Will Sterling U Turn on BoE?
Daily FX Market Roundup 07.12.16
Short covering sparked strong rallies for most of the major currencies. Both GBP/USD and USD/JPY soared more than 2% as some of the Yen crosses enjoyed gains over 3%. There was no specific catalyst but the prospect of new stimulus from Japan and the U.K. continued to revitalize risk appetite and lead to further gains for high beta currencies. Given the extent of short sterling and long yen positions post Brexit, the magnitude of this week’s reversals is not surprising. The gains for USD/JPY should be sustainable but for sterling, we are convinced that this is nothing more than a short squeeze. There was no major U.S. economic reports released today but in the last 24 hours we heard from 3 FOMC voters – Mester, Tarullo and Bullard. Tarullo didn’t make any comments on the economy but Mester and Bullard were optimistic with Mester saying he’s positive on the U.S. labor market and Bullard noting that ultimate Brexit impact on the U.S. is close to zero which supports the sharp rise in U.S. rates and rally in USD/JPY. The Yen on the other hand fell because the Japanese government is preparing a powerful punchbowl of fiscal and monetary stimulus whereas pound is rising because the U.K. has found a new Prime Minister, eliminating one of many post Brexit uncertainties. While the nearly 500-pip reversal in GBP/USD may seem large, on a percentage base it amounts to only a 3.5% rally and the pair is still down 11% from its pre-Brexit high.
The Bank of England will be easing monetary policy, probably not Thursday but certainly before the end of summer. Considering that 63% of the economists surveyed by Bloomberg expect a rate cut, the rally in the British pound indicates that investors expect otherwise. However even if the BoE holds rates steady, Governor Mark Carney won’t miss the opportunity to prepare the market for a cut later this summer. He’s already said they are waiting for their August forecasts, which will undoubtedly harden their plans to ease. In his Testimony before the Treasury today, Carney defended his decision to warn about Brexit and stressed the need to remain vigilant about its risks. With Article 50 still not invoked, we have yet to see the long term consequences of the U.K.’s decision but in the near term, investment and consumption will slow, giving the central bank plenty of reasons to be cautious. There was broad based weakness in the U.K. economy before Brexit with retail sales and average hourly earnings growth slowing alongside construction and service sector activity. Now that Britons have voted to leave the European Union, economic reports will worsen in the coming months and if Carney wants to get ahead of all this, he will need to confirm that easing is on its way.
Before the BoE meets however, the focus will be on the Bank of Canada’s monetary policy announcement. Although economic data in Canada has taken a turn for the worse over the past month with the trade balance, employment and manufacturing activity slowing, the following table shows that on balance, there was still more improvement than deterioration in Canada’s economy since the May meeting. Back then, Canada was still reeling from the wildfires in Alberta and despite the central bank’s lowered GDP forecast, the Canadian dollar soared because they said growth would rebound in the third quarter. Brexit challenges that view but with the market no longer expecting a rate cut from the Federal Reserve this year and U.S. stocks climbing to record highs, the BoC has reasons to be optimistic about the North American economy. If the BoC maintains its optimistic Q3 outlook, the Canadian dollar will extend its gains but if they emphasize Brexit risks, today’s pullback in USD/CAD will reverse quickly.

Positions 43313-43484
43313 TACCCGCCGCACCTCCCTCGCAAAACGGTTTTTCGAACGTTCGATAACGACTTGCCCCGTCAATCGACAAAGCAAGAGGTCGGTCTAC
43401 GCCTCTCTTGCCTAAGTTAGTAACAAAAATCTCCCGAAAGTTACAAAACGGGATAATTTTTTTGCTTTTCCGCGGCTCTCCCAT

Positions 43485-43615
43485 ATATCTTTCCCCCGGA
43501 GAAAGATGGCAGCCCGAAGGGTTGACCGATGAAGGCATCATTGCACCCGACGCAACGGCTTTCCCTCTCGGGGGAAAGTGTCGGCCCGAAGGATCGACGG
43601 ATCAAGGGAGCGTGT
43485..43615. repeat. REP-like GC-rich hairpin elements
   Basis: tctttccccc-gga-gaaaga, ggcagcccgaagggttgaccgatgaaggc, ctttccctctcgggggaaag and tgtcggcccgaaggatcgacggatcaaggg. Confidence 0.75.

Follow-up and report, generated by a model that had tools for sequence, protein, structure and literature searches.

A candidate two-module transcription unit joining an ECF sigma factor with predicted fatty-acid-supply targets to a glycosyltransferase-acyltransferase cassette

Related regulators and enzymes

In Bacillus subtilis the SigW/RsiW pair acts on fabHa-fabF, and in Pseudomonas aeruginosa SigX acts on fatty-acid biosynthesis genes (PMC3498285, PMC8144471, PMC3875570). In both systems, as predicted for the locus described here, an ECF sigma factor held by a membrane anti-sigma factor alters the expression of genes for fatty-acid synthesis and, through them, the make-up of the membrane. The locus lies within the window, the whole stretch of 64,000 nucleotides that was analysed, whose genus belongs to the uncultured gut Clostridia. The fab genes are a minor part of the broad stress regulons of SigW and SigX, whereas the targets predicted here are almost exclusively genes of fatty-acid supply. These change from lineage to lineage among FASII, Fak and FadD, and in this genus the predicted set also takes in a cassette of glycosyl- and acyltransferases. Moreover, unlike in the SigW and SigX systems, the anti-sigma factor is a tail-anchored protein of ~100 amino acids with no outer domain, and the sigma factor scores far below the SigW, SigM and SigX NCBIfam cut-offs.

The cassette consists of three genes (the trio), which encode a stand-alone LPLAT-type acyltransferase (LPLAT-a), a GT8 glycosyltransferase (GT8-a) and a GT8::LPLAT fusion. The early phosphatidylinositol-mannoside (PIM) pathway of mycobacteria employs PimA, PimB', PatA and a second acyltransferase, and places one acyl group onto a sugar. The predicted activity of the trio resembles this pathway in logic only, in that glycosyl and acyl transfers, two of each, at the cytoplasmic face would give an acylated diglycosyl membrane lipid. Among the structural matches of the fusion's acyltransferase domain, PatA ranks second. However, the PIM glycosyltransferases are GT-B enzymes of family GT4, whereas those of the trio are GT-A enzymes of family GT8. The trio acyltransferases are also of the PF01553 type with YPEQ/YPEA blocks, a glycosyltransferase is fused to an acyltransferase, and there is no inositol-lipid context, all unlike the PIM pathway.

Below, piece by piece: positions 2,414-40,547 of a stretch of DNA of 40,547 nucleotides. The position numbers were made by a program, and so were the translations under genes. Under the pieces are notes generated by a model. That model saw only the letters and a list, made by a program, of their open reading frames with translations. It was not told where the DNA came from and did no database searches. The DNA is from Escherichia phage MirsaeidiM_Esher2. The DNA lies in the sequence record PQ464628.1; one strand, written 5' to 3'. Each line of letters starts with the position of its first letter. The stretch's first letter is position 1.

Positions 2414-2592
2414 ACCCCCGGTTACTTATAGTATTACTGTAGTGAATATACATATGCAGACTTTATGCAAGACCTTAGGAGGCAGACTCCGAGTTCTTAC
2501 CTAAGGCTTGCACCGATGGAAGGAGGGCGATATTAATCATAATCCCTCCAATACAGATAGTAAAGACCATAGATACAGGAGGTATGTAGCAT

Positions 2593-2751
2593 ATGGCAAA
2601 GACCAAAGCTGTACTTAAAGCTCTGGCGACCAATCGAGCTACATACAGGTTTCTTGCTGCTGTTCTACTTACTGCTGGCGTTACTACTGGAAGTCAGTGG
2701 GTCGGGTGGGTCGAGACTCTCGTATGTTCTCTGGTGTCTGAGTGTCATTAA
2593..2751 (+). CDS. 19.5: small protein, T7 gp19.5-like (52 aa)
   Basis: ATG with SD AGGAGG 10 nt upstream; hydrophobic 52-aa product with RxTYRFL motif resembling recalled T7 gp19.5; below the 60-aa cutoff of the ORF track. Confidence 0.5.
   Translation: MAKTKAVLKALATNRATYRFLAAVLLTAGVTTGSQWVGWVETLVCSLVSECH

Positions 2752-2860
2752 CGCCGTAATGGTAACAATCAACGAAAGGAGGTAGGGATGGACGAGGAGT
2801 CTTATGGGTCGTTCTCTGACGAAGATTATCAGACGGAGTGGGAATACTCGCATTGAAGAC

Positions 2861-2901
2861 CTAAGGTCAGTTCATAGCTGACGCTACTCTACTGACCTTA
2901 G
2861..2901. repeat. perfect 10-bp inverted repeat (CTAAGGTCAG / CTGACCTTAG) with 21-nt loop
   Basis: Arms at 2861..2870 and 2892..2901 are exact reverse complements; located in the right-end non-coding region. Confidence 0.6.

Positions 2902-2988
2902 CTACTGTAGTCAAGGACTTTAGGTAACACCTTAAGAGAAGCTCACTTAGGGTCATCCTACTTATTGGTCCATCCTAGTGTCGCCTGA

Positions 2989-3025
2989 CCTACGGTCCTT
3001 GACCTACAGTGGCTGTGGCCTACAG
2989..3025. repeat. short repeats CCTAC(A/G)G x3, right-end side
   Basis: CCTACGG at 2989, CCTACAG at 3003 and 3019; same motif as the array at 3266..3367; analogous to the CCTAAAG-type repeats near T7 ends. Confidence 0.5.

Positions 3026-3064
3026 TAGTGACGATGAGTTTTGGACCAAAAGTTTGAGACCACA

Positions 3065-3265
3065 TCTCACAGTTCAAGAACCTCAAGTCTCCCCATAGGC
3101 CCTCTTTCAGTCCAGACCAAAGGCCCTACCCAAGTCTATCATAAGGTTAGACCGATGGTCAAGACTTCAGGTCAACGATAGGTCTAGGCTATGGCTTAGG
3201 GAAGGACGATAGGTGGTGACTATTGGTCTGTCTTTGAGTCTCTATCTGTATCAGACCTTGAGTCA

The euro did not participate in today’s rally largely because of EUR/GBP selling. Also, there wasn’t as much speculative short positions in the EUR/USD post Brexit compared to GBP and JPY, so the short squeeze was limited. Eurozone industrial production numbers are scheduled for release tomorrow and while slower growth is expected the performance of euro will be determined not by data but rather risk appetite and sterling flows.
The New Zealand and Australian Dollars traded higher against the greenback as both NZD and AUD gained over 1% versus the U.S. dollar. NZD reversed yesterday’s losses resuming the upward trend after the RBNZ’s less dovish views, rising to 1 year highs in the process. The Australian dollar on the other hand benefitted from stronger Australian data with the NAB Business Confidence increasing to 6 compared to 3 for the prior month. Gold prices continued to decline. Since Shinzo Abe’s win yesterday and subsequent decision for a new stimulus package for the Japanese economy, the markets have gained a newfound love for risk. The increases in the commodity dollars falls in line with recent tolerance for risk. There are no economic reports scheduled for release from Australia and New Zealand in the next 24 hours but Chinese trade numbers are due this evening and a smaller surplus is anticipated. If imports fall sharply, AUD and NZD will give up their gains with AUD likely to be hit harder than NZD because they have greater dependency on China. Also, China’s plan to shift from an export to consumption-based economy hurts Australia and benefits New Zealand. AUD/NZD bounced strongly and is due for a correction.